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The Everyday Athlete's Handbook Part 2. - Nutrition

The Everyday Athlete’s Handbook: 4 steps to prevent pain and injury while staying strong, healthy, and engaged in the activities you love every day and in every stage of life.

Last week, we covered Part 1. - Sleep. This week, we'll be exploring how nutrition plays a role as one of the four pillars for maintaining a healthful life. It may seem obvious, yes, but it also often feels daunting- and that's exactly what we're trying to help you avoid! Because this is such an overwhelming topic with a plethora of information, our Registered Dietitian, Allyson Balzuweit, always recommends the simple (and truly actionable!) advice below.

  • Eat Real Food. It’s no mystery that processed foods lack nutritional benefits and contribute to overall poor health and a lack of energy needed for brain function and optimal performance. If you find yourself contemplating a label of a food that needs unwrapping or that touts a long list of ingredients, it’s more than likely not a great choice. Choosing foods that are as close to their natural state as possible will almost always prove to be the best choice. An abundance of fresh and frozen produce paired with a reasonable amount of clean protein, healthy fats from nuts, seeds, and unrefined oils, and minimally processed whole grains form the foundation for a healthy eating plan.

  • Limit Sugar. Let's face it, sugar tastes good and it’s EVERYWHERE! While it’s nearly impossible to entirely cut sugar out of your diet, we can all be more vigilant in watching out for unnecessary added sugars that don’t belong in some foods to begin with. Sugar is highly addictive. It is added (sneakily) to many processed and packaged foods, and there are also many different types of sugars with different names that may not be recognizable to the average consumer. Processed sugars are digested quickly so your blood sugar levels spike and then plummet as you digest them, making you feel sluggish, typically leading to cravings for even more. The American Heart Association recommends that men consume no more than 150 calories a day from added sugars (37.5 grams or 9 teaspoons). The recommendation for women is even less - 100 calories a day (25 grams or 6 teaspoons). For perspective, one 12 oz. Coke contains 140 calories from sugar, while a regular-sized Snickers bar contains 120 calories from sugar. Enjoying sweets in moderation can be part of a healthy lifestyle. Focus on “real food” treats such as high quality dark chocolate or a small amount of real ice cream (the low fat and fat free varieties are culprits for even more sugar!).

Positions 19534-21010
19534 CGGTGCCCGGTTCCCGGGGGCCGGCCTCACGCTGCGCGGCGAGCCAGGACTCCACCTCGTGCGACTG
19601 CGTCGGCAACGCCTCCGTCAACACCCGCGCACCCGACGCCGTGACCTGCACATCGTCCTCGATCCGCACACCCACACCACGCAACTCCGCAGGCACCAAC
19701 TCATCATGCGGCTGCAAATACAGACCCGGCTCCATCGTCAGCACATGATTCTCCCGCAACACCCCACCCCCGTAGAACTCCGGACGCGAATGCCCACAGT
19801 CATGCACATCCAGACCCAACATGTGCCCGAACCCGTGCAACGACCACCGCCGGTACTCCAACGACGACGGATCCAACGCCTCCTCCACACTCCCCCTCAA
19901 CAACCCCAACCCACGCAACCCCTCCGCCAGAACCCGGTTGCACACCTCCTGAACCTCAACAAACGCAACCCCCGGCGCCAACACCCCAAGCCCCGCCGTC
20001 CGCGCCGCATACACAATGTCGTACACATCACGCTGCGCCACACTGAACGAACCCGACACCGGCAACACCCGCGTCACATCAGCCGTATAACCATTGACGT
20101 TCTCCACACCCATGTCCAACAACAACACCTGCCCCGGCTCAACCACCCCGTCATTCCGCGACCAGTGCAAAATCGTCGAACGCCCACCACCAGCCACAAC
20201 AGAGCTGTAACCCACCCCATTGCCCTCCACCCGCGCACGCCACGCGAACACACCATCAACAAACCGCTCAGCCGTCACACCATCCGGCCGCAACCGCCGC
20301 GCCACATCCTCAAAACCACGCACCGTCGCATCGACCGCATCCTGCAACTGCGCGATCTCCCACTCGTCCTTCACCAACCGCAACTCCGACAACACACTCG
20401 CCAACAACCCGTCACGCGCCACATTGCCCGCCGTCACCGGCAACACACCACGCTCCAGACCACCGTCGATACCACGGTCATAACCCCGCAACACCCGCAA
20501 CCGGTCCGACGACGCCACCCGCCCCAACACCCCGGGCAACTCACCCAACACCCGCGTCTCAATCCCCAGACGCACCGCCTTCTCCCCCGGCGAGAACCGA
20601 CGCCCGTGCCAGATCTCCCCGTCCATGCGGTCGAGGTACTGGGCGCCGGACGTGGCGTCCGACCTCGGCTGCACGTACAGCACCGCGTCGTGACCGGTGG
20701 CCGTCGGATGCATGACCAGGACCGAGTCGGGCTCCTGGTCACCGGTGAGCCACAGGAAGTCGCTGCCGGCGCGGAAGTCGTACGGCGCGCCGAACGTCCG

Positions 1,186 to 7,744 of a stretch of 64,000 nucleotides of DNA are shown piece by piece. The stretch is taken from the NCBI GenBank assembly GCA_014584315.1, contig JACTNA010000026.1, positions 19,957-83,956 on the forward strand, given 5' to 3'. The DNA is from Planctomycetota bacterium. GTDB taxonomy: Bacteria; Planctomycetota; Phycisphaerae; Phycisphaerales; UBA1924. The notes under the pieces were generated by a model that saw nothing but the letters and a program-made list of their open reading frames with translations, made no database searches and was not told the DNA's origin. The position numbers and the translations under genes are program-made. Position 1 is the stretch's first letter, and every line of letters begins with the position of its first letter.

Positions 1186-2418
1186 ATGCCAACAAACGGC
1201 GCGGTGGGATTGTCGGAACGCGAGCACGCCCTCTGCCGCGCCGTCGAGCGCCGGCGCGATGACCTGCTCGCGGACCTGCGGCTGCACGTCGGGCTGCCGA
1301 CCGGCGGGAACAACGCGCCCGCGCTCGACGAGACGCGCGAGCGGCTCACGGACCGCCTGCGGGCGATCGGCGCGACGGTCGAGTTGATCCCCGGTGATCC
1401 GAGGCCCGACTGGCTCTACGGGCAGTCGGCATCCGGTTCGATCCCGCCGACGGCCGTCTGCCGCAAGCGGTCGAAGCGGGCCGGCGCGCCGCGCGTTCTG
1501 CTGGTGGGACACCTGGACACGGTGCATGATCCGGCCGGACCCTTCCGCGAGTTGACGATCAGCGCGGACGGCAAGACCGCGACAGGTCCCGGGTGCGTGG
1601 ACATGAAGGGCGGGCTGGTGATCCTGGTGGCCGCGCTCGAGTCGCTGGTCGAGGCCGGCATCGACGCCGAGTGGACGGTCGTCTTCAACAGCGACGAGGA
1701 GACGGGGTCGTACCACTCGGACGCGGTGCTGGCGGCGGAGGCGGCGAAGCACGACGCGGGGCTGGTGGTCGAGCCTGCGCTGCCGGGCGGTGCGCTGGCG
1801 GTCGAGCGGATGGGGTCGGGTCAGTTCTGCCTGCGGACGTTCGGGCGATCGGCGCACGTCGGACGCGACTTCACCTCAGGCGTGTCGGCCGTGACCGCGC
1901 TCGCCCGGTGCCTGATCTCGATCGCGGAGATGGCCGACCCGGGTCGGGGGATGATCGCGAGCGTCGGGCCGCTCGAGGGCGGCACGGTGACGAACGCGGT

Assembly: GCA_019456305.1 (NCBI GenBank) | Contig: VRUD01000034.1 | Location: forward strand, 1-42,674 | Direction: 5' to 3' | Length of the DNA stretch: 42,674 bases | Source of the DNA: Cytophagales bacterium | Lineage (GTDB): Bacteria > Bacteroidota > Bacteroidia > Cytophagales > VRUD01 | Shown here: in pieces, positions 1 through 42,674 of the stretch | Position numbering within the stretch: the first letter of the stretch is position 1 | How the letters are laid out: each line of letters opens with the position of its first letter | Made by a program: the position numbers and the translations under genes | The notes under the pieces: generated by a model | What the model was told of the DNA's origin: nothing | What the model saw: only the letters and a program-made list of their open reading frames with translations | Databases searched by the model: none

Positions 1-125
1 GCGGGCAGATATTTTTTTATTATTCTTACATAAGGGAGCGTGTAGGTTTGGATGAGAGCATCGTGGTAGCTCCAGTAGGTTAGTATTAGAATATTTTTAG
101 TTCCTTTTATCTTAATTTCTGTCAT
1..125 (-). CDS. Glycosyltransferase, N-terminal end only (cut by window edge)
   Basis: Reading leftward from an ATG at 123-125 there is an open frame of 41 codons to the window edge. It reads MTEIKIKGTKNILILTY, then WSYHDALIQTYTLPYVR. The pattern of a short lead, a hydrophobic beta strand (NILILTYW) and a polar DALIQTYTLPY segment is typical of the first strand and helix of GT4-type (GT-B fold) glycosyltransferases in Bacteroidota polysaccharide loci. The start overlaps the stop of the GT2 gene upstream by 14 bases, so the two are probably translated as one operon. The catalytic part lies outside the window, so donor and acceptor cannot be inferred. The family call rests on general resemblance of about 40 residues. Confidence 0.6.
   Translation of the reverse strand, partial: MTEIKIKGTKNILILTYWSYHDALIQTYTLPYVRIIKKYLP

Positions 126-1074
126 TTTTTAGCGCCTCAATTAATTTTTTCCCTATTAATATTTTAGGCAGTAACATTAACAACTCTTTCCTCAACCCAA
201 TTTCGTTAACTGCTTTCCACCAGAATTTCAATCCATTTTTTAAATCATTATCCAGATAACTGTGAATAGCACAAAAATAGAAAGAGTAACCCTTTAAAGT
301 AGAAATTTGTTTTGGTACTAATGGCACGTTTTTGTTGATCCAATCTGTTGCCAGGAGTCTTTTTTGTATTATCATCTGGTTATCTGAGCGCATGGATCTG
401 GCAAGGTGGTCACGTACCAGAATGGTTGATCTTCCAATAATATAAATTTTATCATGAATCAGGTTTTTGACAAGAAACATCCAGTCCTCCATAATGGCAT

• Hydrate. The general recommendation for hydration is half your body weight in ounces. For example, a person weighing 160 pounds should drink 80oz of water a day. However, weather, activity level, or other factors can affect how much water you might need. A good way to tell if you are properly hydrated is looking at the color of your urine. Your urine should be straw-colored, if it is yellow or darker this could indicate that you are dehydrated, or may be a sign of other medical conditions. Getting enough water is crucial for many reasons; proper hydration plays a role in cellular health and nutrition, organ function, joint lubrication, infection control, sleep quality, cognition, and mood, to name a few. Unfortunately, it is fairly easy to become dehydrated during the day; in fact, by the time you feel thirsty you are likely already dehydrated. So, if you need a little encouragement to keep reaching for your water, dropping some berries or other fresh fruit into your glass or water bottle can add a little flavor kick. Lastly, if you have any issues with urinary leakage, please don’t try to manage that by limiting your water intake. Instead, see our in-house pelvic floor physical therapists to help solve the issues without sacrificing the rest of your health.

  • Don’t Drink Your Calories. Fruit juice, sweet tea, soda, and alcohol are all empty calories, meaning they aren’t providing you with nutrients or helping you feel full. They are, however, helping expand your waistline and causing your blood sugar (think energy) to spike and then plummet. Try to cut back on these types of drinks by flavoring your water or drinking sparkling water. Much like sugar, see if you can allow yourself a little indulgence on only one or two days a week.

  • Eat Enough Protein. Protein plays an integral role in building and maintaining skeletal muscle mass, which is a huge indicator of overall health, but protein levels can also affect things like your energy levels, mood, bone health, and immune system. The recommendation is 0.7-1.0 grams of protein per pound of weight. So a 160 pound person should consume 112-160 grams of protein. Track your food for a few days and see whether you are getting enough with your normal eating habits or not. If not, make some intentional changes and check in again. Ideally protein should come from real food sources instead of supplements. We all know that we can get protein from meat, poultry and fish, but there are plenty of plant-based sources of protein including chickpeas, beans, lentils, nuts, quinoa, soy, and tempeh. Dairy such as Greek Yogurt, cheese and cottage cheese also provides a significant amount of protein as well as calcium which supports skeletal mass.

Though on some level we all know what we should and shouldn’t eat, we are constantly exposed to new information and opinions about food, nutrition, and trendy diets that can be both confusing and contradictory. If you’d like to dig a little deeper in your personal nutrition journey than what we covered here, Allyson, can help you make a game plan that’s compatible with your individual health and fitness goals.

Thanks for reading!

-The Functionize Team

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